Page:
We are proud to introduce a free parenting course which will be run once per week over four weeks by Potential Plus.
The course will run from 6pm – 7.30pm on Wednesday 28th February, 7th March, 14th March, 21st March.
We have 10 places which we will allocated first come-first served basis. Please email info@3HouseClub.com to RSVP.
21st Century Skills Short Course Outline
Week 1 – What are 21st century skills? How do we prepare our children for an uncertain future?
This introductory session is a chance to foster a sense of community within the group. Participants share what has brought them along to the workshop; where they come from; how old their children are and their values. This is an important chance to create a familiar and welcoming atmosphere and indirectly, the group becomes a safe space in which to share experiences and ideas and to learn from each other and from the course leader. This also strengthens the community between parents at your school.
This session also introduces the aims of the course, which are:
1. To understand the challenges and opportunities that we face in the 21st century.
A group discussion about the challenges and opportunities that we face today, framed as: what fears and hopes do you have for your children’s future. A discussion about the unique challenges of today and why we need innovative solutions for unpredictable problems. We are currently preparing students for jobs and technologies that don’t yet exist… in order to solve problems that we don’t know are problems yet. Our children will not only need to be problem-solvers – they need to be innovators!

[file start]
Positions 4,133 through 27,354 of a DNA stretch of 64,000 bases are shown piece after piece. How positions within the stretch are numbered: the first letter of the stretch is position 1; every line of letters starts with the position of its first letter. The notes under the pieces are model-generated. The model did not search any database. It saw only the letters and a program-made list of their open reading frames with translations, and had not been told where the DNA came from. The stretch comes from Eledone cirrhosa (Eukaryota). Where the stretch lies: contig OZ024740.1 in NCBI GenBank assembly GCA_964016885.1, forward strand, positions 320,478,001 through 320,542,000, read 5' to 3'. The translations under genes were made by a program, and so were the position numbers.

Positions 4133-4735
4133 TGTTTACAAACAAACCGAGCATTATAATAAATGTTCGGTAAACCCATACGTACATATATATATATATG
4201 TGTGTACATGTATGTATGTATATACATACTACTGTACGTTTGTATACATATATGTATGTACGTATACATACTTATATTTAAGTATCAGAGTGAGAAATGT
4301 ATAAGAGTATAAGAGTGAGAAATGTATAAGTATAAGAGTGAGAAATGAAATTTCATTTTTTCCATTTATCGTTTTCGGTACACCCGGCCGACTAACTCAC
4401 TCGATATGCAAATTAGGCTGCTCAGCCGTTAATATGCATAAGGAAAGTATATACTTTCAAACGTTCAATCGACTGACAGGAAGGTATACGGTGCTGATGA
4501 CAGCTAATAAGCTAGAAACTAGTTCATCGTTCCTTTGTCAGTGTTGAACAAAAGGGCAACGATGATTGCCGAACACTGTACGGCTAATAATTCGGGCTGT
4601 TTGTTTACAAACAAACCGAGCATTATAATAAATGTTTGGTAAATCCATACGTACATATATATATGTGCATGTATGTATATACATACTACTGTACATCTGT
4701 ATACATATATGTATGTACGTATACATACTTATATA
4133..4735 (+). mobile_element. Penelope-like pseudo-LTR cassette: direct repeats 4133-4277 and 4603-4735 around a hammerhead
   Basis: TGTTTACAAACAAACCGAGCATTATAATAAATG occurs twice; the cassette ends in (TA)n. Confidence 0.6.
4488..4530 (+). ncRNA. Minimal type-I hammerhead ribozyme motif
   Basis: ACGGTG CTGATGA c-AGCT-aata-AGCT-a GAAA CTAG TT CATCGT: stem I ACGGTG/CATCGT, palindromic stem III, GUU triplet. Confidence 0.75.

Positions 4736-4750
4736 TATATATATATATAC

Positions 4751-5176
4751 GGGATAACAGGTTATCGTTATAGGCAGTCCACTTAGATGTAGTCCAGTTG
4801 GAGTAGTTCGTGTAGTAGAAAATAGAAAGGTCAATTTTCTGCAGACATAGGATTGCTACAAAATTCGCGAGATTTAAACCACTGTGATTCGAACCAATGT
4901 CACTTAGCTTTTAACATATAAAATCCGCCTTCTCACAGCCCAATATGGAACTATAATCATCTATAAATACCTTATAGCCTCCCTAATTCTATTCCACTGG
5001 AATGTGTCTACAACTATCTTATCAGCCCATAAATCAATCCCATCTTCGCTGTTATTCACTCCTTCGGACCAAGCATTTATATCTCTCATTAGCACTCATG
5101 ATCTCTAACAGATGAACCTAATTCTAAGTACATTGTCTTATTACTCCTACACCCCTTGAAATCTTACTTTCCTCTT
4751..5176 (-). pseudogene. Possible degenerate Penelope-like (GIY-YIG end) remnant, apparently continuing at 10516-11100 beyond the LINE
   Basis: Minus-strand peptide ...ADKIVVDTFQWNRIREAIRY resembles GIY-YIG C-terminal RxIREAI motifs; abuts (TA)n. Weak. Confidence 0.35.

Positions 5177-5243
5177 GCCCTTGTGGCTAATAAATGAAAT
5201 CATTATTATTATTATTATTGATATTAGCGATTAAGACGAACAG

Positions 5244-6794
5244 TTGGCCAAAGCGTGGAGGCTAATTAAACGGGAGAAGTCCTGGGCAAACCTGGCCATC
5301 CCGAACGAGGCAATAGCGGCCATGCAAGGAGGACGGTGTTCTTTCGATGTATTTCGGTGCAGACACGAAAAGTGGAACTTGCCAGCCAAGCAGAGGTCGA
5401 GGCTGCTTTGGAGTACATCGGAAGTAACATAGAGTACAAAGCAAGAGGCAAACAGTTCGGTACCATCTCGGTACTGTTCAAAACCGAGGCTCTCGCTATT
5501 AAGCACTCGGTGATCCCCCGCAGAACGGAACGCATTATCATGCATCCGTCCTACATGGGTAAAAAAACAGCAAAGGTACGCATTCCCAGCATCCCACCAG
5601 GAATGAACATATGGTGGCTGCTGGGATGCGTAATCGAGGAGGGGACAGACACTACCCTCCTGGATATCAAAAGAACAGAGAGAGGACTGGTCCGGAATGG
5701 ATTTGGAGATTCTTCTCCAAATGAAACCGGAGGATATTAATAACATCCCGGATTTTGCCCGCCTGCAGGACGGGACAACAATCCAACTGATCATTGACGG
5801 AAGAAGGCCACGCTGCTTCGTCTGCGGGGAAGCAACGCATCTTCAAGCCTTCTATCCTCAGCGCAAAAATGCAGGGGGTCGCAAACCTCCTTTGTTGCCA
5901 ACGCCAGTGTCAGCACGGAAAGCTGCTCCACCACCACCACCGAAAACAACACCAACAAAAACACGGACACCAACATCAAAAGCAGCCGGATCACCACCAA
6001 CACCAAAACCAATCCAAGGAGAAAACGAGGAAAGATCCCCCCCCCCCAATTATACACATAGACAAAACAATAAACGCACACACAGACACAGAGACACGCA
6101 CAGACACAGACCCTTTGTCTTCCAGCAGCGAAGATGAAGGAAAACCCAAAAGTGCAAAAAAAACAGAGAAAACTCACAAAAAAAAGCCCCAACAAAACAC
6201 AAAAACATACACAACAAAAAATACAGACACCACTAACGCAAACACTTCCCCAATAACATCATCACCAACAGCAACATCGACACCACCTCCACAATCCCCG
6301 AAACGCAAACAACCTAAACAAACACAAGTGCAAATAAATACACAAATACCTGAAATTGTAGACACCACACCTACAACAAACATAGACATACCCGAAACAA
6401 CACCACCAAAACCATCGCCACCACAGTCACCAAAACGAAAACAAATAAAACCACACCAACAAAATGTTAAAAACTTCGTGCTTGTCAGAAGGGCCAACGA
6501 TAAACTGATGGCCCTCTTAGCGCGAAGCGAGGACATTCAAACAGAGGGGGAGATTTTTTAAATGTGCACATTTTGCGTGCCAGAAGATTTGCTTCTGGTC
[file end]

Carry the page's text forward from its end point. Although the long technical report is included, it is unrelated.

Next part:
2. To understand what is meant by 21st century skills.
What kind of skills do we need in order to thrive today and in the future? It is not just the skills for work that we need to nurture, but the skills necessary to build strong citizens. Participants write down the most useful skill they have ever learnt on a post-it and then share with the group.
3. To understand the unique role you have as a parent or carer in the education of your child.
“Preparing young people to thrive in a tricky world is not just the job of schools and teachers. Parents are educators too.” Guy Claxton and Bill Lucas, Educating Ruby.
4. To appreciate the joy of learning and to learn how to model that joy to your children.
As a group, we realise as a result of our discussions that we are all lifelong learners!
5. To feel more confident in your own abilities: to come up with ideas, to work with others, and to express your ideas.
In order to nurture our children’s potential, our parents need to realise their own.